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In some respects, a construction project is a lot like a train—once it comes to a stop, it takes considerable time and energy to get it restarted.

That’s where many contractors find themselves in the world of COVID-19. While not all projects have come to a screeching halt during the coronavirus pandemic, most of them slowed significantly amid worldwide stay-at-home orders, travel limitations and other restrictions.  

t’s estimated that there are some 7,500 U.S. projects currently delayed, much of them in the public sector, says Troy Dohmeyer, technical services manager for construction at The Cincinnati Insurance Company. “Fewer people on the road translates into lower gas and sales tax revenue and that ripple effect has delayed many public projects because the revenue just isn’t there” according to Dohmeyer.

It’s hard to find a comparable precedent. While natural disasters, such as hurricanes, are undeniably impactful, they’re also somewhat predictable with regard to duration and potential impact zone. “The pandemic literally brought everything to a stop,” Dohmeyer says. “For most construction projects, it created a seismic ripple effect that impacted the entire supply chain; the factories that contractors get their steel or their glass from stopped production, too.”  

A lot of contractors have pivoted, but supply chain issues are an ongoing problem. That’s because roughly 25% to 30% of construction and manufacturing materials come from China. 

A Holistic Approach

Contractors taking a comprehensive approach to restarting projects will be the most successful at avoiding negative impacts down the road. In the process, they should holistically evaluate projects in order to determine current and future impacts of the pandemic, whether they be to the supply chain, labor availability, productivity, safety protocols, etc.

Every contractor facing a restart should ask a series of specific questions that take a long-range view, for example:

  • “How do I communicate with the subcontractors?” 
  • “How do I document re-start costs?” 
  • “Has the project timeline been impacted?” 
  • “What does an average crew size look like”?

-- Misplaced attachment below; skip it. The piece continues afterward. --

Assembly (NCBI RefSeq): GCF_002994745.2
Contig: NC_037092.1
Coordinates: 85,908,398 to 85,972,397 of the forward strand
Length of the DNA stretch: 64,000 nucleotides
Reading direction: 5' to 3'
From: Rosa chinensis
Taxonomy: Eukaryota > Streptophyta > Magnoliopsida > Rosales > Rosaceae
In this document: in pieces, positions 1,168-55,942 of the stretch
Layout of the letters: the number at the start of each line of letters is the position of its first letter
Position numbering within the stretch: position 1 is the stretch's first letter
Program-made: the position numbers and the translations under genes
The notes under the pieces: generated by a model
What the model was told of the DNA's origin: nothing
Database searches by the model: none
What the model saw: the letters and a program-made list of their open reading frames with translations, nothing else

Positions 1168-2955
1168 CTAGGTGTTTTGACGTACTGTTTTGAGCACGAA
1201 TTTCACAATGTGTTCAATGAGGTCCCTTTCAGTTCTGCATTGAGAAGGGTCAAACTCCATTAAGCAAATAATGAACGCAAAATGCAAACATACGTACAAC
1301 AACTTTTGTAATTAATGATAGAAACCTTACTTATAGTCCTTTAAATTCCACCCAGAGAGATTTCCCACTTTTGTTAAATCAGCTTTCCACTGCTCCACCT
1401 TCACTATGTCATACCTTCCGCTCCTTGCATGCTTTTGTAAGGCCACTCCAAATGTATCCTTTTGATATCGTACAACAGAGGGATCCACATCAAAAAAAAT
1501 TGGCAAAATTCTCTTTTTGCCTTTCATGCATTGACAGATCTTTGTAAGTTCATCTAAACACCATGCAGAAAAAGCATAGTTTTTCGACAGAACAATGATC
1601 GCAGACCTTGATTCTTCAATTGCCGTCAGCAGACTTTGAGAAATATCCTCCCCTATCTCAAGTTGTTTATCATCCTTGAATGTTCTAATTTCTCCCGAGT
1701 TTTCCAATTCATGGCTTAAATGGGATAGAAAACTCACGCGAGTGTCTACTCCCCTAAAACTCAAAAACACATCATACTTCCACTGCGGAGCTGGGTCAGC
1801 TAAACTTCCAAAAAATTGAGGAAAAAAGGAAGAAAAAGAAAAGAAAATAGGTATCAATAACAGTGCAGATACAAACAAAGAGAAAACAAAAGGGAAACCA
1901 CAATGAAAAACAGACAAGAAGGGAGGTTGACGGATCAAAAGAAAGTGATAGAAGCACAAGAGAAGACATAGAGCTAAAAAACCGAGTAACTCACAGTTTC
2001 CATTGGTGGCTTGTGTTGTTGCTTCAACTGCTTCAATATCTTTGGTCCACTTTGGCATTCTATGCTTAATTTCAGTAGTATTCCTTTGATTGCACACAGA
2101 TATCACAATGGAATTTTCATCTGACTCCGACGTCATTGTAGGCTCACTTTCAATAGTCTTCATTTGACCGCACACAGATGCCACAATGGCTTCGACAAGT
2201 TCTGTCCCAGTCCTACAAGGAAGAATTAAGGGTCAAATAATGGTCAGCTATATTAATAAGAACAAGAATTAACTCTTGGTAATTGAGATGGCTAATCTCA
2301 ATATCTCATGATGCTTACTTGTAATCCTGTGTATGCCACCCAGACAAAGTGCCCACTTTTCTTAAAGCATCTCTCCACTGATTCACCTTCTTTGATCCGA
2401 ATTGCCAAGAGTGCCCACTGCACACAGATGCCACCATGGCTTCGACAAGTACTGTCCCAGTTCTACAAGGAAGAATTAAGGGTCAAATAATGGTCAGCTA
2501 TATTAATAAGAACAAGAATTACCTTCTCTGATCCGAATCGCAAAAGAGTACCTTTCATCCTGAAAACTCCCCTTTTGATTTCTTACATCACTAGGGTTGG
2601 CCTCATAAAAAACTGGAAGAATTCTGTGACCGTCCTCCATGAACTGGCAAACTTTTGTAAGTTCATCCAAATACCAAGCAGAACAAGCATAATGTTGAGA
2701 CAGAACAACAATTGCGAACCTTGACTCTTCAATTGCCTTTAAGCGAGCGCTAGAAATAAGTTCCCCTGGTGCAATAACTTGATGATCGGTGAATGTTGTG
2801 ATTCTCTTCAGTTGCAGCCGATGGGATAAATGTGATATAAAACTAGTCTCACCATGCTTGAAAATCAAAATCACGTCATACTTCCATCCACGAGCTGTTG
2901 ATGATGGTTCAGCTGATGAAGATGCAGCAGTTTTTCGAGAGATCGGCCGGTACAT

• “Can I scale up manpower when necessary?” 
  • “How do I interact with the owner?"

Finding workers may be an issue, as many workers left the industry during the pandemic in pursuit of readily available unemployment benefits and rebuilding the labor pool will be a slow, arduous process as a result. “The labor market was already a tight rubber band in January and February, and the labor pool was stretched beyond capacity. When every project either slowed down or stopped, there was no ability to keep that workforce,” Dohmeyer says. 

Contractors should also plan for state- or locally imposed health and safety guidelines. That can be a complicated process for those working in multiple states with regional differences. “It’s going to raise a lot of different specters that we’re not accustomed to in the construction industry,” Dohmeyer says. “It might ultimately play a role in how a contractor hires people for projects, the contracts they sign and the types of products they buy.” It could even slow the permitting process by weeks or months, as many government employees continue to work from home.

Proactive Documentation and Planning

Regarding contracts, companies should always review the ever-changing landscape of their work and should ascertain whether a particular contract adequately addresses individual concerns. In the world of COVID-19, contractual language and insurance policies should be evaluated to address claims, risk and liability.

Safety is an equally important issue. “It’s incumbent upon the subcontractor, general contractor and owner to ensure the safety of a project,” Dohmeyer says. “PPE availability, employee distancing, hand wash stations, lunch time protocols, etc.—all of those need to be addressed.”

Most importantly, perhaps, contractors should document any lessons learned on projects to improve future work processes. “We tend to have a short memory; we forget about the lasting impact,” Dohmeyer says. “People need to look at the impacts of past events and determine what was changed.”

The bottom line: denial is not an option. “The contractors that pivot the quickest are the ones that will succeed,” Dohmeyer says. While the short- and long-term effects of this pandemic are yet unknown, a sound restart strategy could be the key to a contractor’s success. “If you embrace change, figure it out and move forward, you’ll be ahead of the game,” he says. 

For More Information, Visit CinFin.com


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